1891. Assessing the Needs for Antimicrobial Stewardship Education and Acceptance Across a Spectrum of Prescribers, Nurses and Pharmacists at a Large Academic Medical Center
Session: Poster Abstract Session: Antimicrobial Stewardship: Qualitative Research
Saturday, October 6, 2018
Room: S Poster Hall
Posters
  • 2018 IDWeek Survey Stewardship Knowledge Attitudes v4.pdf (459.1 kB)
  • Background:

    Regulatory bodies and quality groups have adopted the Centers for Disease Control and Prevention (CDC) Core Elements for Antimicrobial Stewardship Programs (ASP) as a measure for accreditation and scoring healthcare institutions across the United States. Multiple elements are driven by educating and integrating staff across the provider network. The ideal method of providing education and addressing gaps is unknown. The objectives of this study were to evaluate the familiarity of Nursing, Pharmacy and Prescribers regarding local ASP activities and services, as well as perceptions regarding patient care and value. Secondary objectives were to determine what educational tools are currently utilized and the desired method for future education.

    Methods:

    Three distinct surveys were written for each provider type for Nurses, Pharmacists and Prescribers across ambulatory and inpatient sites. Each contained basic demographic data such as years in practice and primary practice site. Questions were developed to assess familiarity, perceived value, and overall satisfaction with the ASP. Additional items included the use of online ASP resources and desire for more education. The survey was delivered electronically to 5091 providers.

    Results:

    In total, 443 completed the survey, 267 Nurses, 160 Prescribers and 16 Pharmacists. A majority of Nurses (67%) and Pharmacists (56%) worked on inpatient units. Prescribers were 48% from Medicine, and 16% Hospitalists. Familiarity with the ASP was lowest among Nursing staff, 53% unaware, and highest among prescribers (55% very familiar, 8% not familiar) and pharmacists (56% very familiar and none unfamiliar) as seen in Figures 1 through 3. ASP-assisted harm prevention was identified by 43% and therapy optimization by 44%. Of the highly familiar prescribers and pharmacists, 90% rated ASP as a moderate to high value service. More than 80% of all disciplines expressed the desire for more education, primarily as didactic lectures (65%), intranet portal training (37%) or emails (36%).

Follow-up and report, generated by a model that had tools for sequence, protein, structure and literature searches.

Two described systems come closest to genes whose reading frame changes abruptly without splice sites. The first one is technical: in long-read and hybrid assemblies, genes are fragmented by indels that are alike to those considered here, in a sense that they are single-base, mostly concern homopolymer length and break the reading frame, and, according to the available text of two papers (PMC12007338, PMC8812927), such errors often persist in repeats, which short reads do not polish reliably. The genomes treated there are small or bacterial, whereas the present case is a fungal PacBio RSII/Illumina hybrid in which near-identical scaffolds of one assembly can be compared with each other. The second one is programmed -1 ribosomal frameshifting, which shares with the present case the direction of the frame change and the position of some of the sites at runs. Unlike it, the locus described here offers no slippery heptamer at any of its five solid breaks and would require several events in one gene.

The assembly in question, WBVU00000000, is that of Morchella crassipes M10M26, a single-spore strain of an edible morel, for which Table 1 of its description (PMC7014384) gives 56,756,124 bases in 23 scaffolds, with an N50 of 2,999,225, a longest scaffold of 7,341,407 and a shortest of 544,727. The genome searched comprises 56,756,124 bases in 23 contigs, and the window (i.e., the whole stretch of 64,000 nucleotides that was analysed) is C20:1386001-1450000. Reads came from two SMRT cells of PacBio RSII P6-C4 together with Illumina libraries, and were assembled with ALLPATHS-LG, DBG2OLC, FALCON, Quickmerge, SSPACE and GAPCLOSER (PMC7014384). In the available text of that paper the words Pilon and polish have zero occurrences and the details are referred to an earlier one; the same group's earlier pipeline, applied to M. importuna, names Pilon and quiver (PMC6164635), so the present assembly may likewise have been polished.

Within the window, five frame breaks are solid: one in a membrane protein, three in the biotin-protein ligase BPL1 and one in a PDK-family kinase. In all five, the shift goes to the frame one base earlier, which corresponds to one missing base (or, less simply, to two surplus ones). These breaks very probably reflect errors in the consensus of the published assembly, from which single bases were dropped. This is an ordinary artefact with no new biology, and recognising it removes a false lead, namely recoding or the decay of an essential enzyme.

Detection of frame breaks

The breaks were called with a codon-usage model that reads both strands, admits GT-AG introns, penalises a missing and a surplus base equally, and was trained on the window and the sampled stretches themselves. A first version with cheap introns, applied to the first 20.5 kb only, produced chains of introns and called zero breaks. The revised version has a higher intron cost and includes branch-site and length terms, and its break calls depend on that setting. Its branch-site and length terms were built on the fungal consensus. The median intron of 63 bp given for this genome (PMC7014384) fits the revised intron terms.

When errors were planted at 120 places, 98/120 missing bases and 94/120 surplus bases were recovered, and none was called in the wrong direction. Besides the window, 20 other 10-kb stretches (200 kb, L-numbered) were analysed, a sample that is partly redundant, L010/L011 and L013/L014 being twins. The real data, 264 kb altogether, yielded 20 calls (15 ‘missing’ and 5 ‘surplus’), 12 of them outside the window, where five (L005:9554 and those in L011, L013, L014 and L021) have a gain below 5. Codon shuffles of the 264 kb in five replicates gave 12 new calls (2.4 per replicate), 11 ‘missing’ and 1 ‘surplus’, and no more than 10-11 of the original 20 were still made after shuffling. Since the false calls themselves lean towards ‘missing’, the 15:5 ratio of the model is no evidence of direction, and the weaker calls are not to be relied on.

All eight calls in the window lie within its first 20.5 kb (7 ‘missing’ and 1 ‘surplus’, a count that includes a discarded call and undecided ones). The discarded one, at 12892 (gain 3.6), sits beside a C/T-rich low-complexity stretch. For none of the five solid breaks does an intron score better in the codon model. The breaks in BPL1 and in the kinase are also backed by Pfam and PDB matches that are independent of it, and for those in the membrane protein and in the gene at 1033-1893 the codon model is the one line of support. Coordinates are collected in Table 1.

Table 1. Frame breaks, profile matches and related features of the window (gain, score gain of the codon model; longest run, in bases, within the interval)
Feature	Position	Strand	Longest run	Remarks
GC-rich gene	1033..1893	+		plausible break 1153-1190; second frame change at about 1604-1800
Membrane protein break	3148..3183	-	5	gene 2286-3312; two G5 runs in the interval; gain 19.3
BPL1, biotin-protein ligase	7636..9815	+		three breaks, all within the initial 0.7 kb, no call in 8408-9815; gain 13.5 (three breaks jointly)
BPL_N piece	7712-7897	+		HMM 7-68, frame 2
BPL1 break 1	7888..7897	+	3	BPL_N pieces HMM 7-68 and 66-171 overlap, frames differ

Conclusion:

    Nursing staff at our institution have the greatest need for orientation with the ASP. The ASP is highly valued across prescribers and pharmacists, but all disciplines desire further education. Resource allocation towards education is an important need.

    Christopher McCoy, PharmD, BCPS-AQ ID1, Deborah Stepanian, RN2, Conor M. Stack, MD3, Preeti Mehrotra, MD4 and Howard S. Gold, MD, FIDSA3, (1)Antimicrobial Stewardship, Beth Israel Deaconess Medical Center, Boston, MA, (2)Beth Israel Deaconess Medical Center, Boston, MA, (3)Department of Medicine, Division of Infectious Diseases, Beth Israel Deaconess Medical Center, Boston, MA, (4)Division of Infectious Diseases, Beth Israel Deaconess Medical Center, Boston, MA

    Disclosures:

    C. McCoy, Merck Inc: Scientific Advisor , Consulting fee . Allergan: Scientific Advisor , Consulting fee .

    D. Stepanian, None

    C. M. Stack, None

    P. Mehrotra, None

    H. S. Gold, None

    Findings in the abstracts are embargoed until 12:01 a.m. PDT, Wednesday Oct. 3rd with the exception of research findings presented at the IDWeek press conferences.